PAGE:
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France, possessed of an immense fortune, he found a joy in bestowing abundant alms. The old beggar had become the object of a sort of affection, and every morning the Abbé Paulin de Saint C accompanied with benevolent words his charity, which had become a daily income.
One day James did not appear at the usual hour. The Abbé Paulin, desirous of not losing this opportunity for his charity, sought the dwelling of the beggar, and found the old man lying sick on a couch. The eyes of the clergyman were smitten with the luxury and the misery which appeared in the furniture of that habitation. A magnificent gold watch was suspended over the miserable bolster; two pictures, richly framed, and covered with crape, were placed on a white-washed wall; a crucifix in ivory, of beautiful workmanship, was hanging at the feet of the sick man; an antiquated chair, with gothic carvings, and among a few worn-out books lay a mass book with silver clasps; all the remainder of the furniture announced frightful misery. The presence of the priest revived the old man, and with an accent full of gratitude, the latter cried out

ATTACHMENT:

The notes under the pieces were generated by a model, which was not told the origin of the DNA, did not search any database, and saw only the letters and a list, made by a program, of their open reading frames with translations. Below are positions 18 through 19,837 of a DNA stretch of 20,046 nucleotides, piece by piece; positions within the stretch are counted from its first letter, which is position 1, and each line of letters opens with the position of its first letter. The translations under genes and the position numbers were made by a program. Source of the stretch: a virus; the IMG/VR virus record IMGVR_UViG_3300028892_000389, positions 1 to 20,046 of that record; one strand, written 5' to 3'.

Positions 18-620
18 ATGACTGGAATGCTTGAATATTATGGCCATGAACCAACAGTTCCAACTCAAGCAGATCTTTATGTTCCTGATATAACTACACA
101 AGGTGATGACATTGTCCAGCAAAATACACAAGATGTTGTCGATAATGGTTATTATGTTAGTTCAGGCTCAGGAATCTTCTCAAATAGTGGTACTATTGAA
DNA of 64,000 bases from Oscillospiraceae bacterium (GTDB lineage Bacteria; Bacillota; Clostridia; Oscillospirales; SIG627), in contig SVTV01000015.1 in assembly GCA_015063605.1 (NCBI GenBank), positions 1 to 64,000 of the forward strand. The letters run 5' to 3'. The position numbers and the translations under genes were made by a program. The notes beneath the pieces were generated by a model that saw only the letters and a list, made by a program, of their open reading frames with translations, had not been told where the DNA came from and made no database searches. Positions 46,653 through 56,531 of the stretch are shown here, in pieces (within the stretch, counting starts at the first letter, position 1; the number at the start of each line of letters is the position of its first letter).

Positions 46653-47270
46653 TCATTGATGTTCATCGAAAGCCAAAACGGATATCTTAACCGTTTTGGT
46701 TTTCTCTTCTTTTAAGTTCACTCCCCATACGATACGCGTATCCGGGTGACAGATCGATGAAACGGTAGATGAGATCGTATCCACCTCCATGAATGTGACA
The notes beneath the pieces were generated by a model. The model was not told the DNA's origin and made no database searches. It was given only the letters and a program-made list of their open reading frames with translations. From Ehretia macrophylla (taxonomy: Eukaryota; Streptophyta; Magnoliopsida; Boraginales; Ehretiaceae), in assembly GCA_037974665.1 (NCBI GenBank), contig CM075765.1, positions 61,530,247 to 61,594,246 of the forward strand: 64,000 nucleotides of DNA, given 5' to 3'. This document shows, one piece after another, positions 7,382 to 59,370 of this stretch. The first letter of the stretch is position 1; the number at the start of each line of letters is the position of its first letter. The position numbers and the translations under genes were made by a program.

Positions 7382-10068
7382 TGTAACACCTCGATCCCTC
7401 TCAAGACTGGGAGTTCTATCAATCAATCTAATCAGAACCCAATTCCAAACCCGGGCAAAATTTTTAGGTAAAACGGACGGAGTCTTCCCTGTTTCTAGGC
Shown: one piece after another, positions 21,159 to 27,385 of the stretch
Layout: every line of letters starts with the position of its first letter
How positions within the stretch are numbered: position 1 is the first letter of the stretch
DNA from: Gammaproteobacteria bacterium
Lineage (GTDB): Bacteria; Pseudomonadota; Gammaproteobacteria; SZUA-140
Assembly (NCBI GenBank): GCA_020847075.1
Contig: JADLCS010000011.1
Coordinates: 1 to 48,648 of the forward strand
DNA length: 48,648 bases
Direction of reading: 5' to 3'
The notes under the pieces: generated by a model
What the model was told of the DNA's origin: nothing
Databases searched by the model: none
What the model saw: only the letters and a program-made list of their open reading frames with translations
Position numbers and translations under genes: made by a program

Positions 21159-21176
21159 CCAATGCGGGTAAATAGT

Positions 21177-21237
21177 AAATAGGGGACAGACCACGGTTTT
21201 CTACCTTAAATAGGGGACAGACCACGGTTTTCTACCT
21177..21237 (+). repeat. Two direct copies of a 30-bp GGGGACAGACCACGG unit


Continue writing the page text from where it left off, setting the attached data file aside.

“ M. Abbé, you are then kind enough to remember an unhappy man?"
My friend,” replied M. Paulin, a priest forgets none but the happy ones. I come to inquire whether you want any assistance."
“ I want nothing," answered the beggar,“ my death is approaching ; my conscience alone is not quiet.”
“ Your conscience ! have you any great fault to expiate !"
“ A crime, an enormous crime; a crime for which my whole life has been a cruel and useless expiation; a crime beyond pardon !"
“A crime beyond pardon! there does not exist any! The divine mercy is greater than all the crimes of man."
“ But a criminal, polluted with the most horrible crime, what has he to hope for ? Pardon? There is none for me.
Yes, there is,” cried out the priest with enthusiasm ; to doubt it would be a more horrible blasphemy than your very crimes itself. Religion stretches out her arms to repentance. James, if your repentance is sincere, implore the divine good. ness, it will not abandon you. Make your confession.”